The Merchant's Daughter (Hagenheim Series #2) by Melanie Dickerson: A Book Review

The Merchant’s Daughter (Hagenheim Series #2)
Author: Melanie Dickerson
Genre: YA, Historical Fiction, Christian
Publisher: Zondervan
Release Date: 2011
Pages: 284
Source: Personal Collection
Synopsis: An unthinkable danger. An unexpected choice. Annabel, once the daughter of a wealthy merchant, is trapped in indentured servitude to Lord Ranulf, a recluse who is rumored to be both terrifying and beastly. Her circumstances are made even worse by the proximity of Lord Ranulf s bailiff a revolting man who has made unwelcome advances on Annabel in the past. Believing that life in a nunnery is the best way to escape the escalation of the bailiff's vile behavior and to preserve the faith that sustains her, Annabel is surprised to discover a sense of security and joy in her encounters with Lord Ranulf. As Annabel struggles to confront her feelings, she is involved in a situation that could place Ranulf in grave danger. Ranulf's future, and possibly his heart, may rest in her hands, and Annabel must decide whether to follow the plans she has cherished or the calling God has placed on her heart. 

     My Review: Annabel is the daughter of a wealthy merchant. After her father dies, her family is left penniless. Because they refuse to pay their taxes, one of them is forced to work as an indentured servant to the Lord le Wyse, who is famous for his beastly temper, for three years. Her brothers, who do not want to work in the fields or serve the terrifying Lord, eagerly give Annabel away to the decrepit bailiff, Tom, in hopes that her groom would pay the fee. Rather than marry Tom, Annabel decides to serve Lord le Wyse. At first, she is afraid of him. Yet, she realizes that Lord le Wyse is suffering from the wounds of his past. Can Annabel save Lord le Wyse and heal his wounds?

     Annabel is a likable character. While she can be judgemental and sometimes selfish, I found her to be a strong protagonist. She is strong, not only because she is the breadwinner of her lazy family, but also because she is determined to make her own choices. She is resolute in making her decisions and does not back down when others try to make choices for her. She fights for her own freedom and happiness.

     Lord le Wyse is also an interesting character. He has not only physical scars, but also emotional and mental scars. He feels that he is ugly and believes that no woman can love him. Therefore, he distances himself away from women, and is often misunderstood because of his temper and aloofness. However, he has a soft heart. He often helps the people of the village. He yearns to be a man of God and listens to God’s word. This makes him a good fit for the protagonist.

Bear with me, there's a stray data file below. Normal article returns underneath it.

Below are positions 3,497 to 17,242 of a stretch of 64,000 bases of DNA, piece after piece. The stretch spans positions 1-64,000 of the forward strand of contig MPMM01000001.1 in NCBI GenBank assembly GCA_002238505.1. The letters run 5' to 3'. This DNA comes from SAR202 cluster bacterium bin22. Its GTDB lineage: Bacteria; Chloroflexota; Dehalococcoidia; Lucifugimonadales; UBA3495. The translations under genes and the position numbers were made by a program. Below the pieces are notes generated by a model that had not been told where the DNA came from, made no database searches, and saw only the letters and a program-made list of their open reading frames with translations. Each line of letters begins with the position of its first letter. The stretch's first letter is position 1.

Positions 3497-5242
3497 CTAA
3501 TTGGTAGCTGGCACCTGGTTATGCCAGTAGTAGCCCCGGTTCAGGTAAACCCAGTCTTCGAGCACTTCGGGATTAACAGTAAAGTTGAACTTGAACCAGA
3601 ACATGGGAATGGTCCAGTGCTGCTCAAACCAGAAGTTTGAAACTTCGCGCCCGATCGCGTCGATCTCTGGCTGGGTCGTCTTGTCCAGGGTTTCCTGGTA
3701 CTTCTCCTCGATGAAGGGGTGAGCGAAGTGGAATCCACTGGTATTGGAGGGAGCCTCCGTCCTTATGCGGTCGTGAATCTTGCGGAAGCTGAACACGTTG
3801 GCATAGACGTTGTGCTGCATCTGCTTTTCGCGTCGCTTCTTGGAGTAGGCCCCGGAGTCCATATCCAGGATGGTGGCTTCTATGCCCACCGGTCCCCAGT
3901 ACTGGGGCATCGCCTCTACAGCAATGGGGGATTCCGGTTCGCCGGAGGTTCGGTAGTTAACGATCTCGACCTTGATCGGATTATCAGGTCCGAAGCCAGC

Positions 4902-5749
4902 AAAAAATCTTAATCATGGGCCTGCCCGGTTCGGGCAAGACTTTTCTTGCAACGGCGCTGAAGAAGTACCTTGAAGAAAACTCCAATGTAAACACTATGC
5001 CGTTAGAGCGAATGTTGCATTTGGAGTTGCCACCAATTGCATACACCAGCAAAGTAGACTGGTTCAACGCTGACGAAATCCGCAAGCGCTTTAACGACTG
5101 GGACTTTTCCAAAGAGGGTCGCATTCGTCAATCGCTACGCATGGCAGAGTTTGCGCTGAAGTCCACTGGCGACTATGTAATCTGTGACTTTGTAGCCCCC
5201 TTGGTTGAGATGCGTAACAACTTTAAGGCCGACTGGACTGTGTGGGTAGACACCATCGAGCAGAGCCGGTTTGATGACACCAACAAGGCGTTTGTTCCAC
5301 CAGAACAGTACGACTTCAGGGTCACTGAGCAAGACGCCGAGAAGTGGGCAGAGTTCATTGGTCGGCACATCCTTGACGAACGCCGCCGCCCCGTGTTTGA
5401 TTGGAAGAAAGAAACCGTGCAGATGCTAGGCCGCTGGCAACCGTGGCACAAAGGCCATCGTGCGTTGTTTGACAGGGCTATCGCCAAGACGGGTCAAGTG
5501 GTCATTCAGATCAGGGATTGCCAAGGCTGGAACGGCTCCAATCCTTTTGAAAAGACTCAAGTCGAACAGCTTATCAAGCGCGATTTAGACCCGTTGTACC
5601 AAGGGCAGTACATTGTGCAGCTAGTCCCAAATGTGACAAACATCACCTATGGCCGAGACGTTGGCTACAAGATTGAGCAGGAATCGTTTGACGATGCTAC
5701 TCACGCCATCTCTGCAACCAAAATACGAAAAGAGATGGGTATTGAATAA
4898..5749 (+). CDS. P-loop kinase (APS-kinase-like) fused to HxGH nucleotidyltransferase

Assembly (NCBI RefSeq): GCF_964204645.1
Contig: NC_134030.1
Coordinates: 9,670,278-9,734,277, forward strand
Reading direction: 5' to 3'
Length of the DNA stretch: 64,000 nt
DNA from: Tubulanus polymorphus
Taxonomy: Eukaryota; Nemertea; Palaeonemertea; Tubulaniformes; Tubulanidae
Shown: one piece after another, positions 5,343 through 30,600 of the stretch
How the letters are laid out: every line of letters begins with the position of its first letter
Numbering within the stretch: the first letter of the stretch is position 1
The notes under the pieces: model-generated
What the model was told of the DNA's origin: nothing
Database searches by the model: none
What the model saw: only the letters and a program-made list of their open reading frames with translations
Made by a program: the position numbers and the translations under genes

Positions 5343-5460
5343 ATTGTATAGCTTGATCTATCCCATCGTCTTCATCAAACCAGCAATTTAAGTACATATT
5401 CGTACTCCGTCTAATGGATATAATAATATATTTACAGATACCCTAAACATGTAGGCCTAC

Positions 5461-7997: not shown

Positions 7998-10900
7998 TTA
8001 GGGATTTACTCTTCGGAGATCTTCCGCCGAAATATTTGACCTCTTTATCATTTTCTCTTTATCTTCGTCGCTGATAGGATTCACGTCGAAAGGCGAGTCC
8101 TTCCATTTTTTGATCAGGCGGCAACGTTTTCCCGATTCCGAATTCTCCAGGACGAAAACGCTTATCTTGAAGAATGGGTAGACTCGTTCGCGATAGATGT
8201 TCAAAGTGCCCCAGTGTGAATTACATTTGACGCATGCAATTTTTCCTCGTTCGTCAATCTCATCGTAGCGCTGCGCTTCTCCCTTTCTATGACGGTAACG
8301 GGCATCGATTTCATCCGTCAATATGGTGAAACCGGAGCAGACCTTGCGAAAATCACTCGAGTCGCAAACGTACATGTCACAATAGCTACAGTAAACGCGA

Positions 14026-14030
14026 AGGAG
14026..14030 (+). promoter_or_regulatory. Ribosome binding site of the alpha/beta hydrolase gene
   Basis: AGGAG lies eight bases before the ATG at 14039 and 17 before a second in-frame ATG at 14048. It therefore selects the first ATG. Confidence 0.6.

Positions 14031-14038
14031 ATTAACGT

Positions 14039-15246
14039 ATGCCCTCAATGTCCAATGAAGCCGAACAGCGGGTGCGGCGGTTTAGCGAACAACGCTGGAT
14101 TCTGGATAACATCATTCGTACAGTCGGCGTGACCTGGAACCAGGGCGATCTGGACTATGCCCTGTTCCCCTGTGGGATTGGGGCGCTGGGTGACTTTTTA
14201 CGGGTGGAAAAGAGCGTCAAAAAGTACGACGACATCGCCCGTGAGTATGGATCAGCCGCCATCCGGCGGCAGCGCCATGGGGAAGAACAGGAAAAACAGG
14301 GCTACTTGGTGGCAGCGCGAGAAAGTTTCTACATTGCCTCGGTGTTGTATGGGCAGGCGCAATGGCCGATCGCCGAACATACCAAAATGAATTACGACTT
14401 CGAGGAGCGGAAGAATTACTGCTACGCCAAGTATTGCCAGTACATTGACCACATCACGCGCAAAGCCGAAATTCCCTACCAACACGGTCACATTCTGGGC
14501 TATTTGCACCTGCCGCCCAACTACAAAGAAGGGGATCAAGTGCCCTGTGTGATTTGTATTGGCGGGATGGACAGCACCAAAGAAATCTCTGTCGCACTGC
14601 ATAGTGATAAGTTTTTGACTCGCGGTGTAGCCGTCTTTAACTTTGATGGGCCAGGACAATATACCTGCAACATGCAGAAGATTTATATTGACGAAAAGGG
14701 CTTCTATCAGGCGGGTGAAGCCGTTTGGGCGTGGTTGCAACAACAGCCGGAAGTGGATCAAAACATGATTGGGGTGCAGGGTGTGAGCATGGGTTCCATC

Both Annabel and Lord le Wyse are wounded beings. Annabel, because of her beauty, and Lord le Wyse because of his deformity. Annabel believes that her beauty is a care because men treat her as property. She yearns to be a nun because she can be safe from men and to have privilege to the Holy Bible that is only available to cloistered women. Yet when Annabel and Lord le Wyse meet each other, they read the Holy Bible together. God has brought them together and their wounds start to heal and soon they begin to love each other for their inward beauty and not outward appearances.

     Overall, this book is about friendship, love, and redemption. The message of the book is that mercy and love is greater than justice. While this story is a retelling of Beauty and The Beast, it is a more realistic version. There is no fantasy or supernatural elements in this story. This is more of a character-driven story, and the characters are complex. The beginning is slow-paced, but it picks up in the middle. I also thought the ending was rushed. Still, it was a light, sweet story with a happy-ever after. I recommend this book to anyone interested in Christian fiction, fairy-tale re-tellings, and characters that will make you care and cheer for their relationship.

Rating: 4 out of 5 stars

This is the author's official book trailer of The Merchant's Daughter:

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